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F.H. Starkey (1978-1981) states : “Farmhouse circa 12 metres by 4 metres with three rooms”. The south room is suggested by some as the kitchen and the centre room being the main living area and where the entrance was on the east side. In the Dartmoor Magazine article, it suggests that the northern most room was a bedroom. Confusingly, the Dartmoor Magazine article also states there was a cowshed to the north with a drainage channel which can still be seen. So, if this is the case there would have been “four” rooms / cells, namely; south room (kitchen), centre room (living area), north room (bedroom) and cowshed. The confusion is that the Dartmoor HER only refers to three rooms.
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Another view of the small yard / garden on the south-east corner of the building, next to the south room
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As mentioned in the Dartmoor Magazine, there was a cowshed outlet, which can clearly be located today. Is the cowshed really a fourth room or is it the northern most of three rooms mentioned by the Dartmoor HER ?
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The north enclosure, which is adjacent to the cow shed
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The west enclosed area, showing the slopes of Manga Hill behind. Access to this enclosure is between the north enclosure and the cow shed.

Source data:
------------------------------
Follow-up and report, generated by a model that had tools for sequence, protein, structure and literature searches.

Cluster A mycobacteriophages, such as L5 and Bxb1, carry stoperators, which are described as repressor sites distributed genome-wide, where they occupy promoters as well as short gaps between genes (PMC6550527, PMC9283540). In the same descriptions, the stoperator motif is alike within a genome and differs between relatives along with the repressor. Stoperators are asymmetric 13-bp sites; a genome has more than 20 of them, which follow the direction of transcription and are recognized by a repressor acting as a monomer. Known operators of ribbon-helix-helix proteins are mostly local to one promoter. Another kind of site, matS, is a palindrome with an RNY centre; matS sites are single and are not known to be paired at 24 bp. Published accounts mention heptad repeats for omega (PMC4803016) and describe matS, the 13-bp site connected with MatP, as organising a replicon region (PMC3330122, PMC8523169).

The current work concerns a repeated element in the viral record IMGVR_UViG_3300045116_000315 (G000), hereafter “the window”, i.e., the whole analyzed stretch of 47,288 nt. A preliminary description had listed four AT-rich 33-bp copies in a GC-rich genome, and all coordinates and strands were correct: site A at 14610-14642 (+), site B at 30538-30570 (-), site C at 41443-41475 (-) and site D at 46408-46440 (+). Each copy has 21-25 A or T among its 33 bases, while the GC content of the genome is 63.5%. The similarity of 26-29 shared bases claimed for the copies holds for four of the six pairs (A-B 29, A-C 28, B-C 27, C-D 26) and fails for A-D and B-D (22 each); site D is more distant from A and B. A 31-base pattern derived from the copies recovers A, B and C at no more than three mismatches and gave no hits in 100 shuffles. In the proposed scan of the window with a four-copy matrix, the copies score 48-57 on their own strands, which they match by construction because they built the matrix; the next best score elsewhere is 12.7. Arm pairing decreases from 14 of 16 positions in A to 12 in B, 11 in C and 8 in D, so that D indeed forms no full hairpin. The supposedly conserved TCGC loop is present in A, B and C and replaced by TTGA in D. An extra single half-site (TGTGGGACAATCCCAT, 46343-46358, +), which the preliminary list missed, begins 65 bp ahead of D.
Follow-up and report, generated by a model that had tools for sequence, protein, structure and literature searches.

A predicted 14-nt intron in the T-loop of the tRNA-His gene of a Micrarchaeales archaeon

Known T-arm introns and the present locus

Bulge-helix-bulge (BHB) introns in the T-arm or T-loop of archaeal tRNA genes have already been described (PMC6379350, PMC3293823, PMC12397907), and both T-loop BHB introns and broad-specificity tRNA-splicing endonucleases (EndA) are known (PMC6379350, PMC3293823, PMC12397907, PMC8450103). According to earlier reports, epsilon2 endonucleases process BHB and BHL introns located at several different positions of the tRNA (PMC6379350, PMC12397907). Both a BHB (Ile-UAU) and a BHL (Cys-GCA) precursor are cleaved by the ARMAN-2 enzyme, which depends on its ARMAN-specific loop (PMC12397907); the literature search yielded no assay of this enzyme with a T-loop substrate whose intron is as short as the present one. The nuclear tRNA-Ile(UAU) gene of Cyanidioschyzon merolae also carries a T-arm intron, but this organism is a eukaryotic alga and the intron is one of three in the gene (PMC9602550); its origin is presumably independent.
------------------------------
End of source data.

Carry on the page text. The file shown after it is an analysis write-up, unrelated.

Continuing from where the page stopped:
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Close up of the cowshed outlet.
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The access point to the west enclosed area is between the end of the cow shed and the north enclosure. Some walling running north-south can be seen beyond on the slopes of Manga Hill.
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General view of the Farm from the south west. The valley of the Teign is in the foreground, the edge of Fernworthy forest can be seen (top right) and very top of Kes Tor is just about discernible on the horizon.
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S.A. J. Probert visited the site on 9th April 1990, (SDV269516) and stated that it was centred at SX63918486. It was stated in the report that “it lies on a slight shelf on the steep east facing slope of Manga Hill. The remains comprise a 3-roomed dwelling and two small enclosures. Positioned along the slope the structure measures 14 metres north to south by 3.8 metres internally with boulder walls 0.6 metres thick and up to 2 metres high”.
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William Crossing sited the farm (which he called Mandles) on Great Varracombe. In the Dartmoor HER, F.H. Starkey states this is in error – but is this the case ? On the original lease map the farm was built on was then known as Great Varracombe (not Manga Hill as it is today). Little Varracome was on land to the south. Early (pre-1829) records suggest the farm was called Varracombe. Of course, today Great and Little Varracombe’s are attributed to brooks only and not to tracts of land. Was the farm renamed due to its proximity to other things “Manga” (ie brook, falls, hole and rock) ?
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Access to the farm was via a track from Teignhead clapper.
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Manga House Lane with the North Teign valley visible to the right (east)
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A gatepost marks the entrance to the lane leading up to the farm. At this point the explorer is approx a quarter distant from Manga Farm to Teignhead Farm.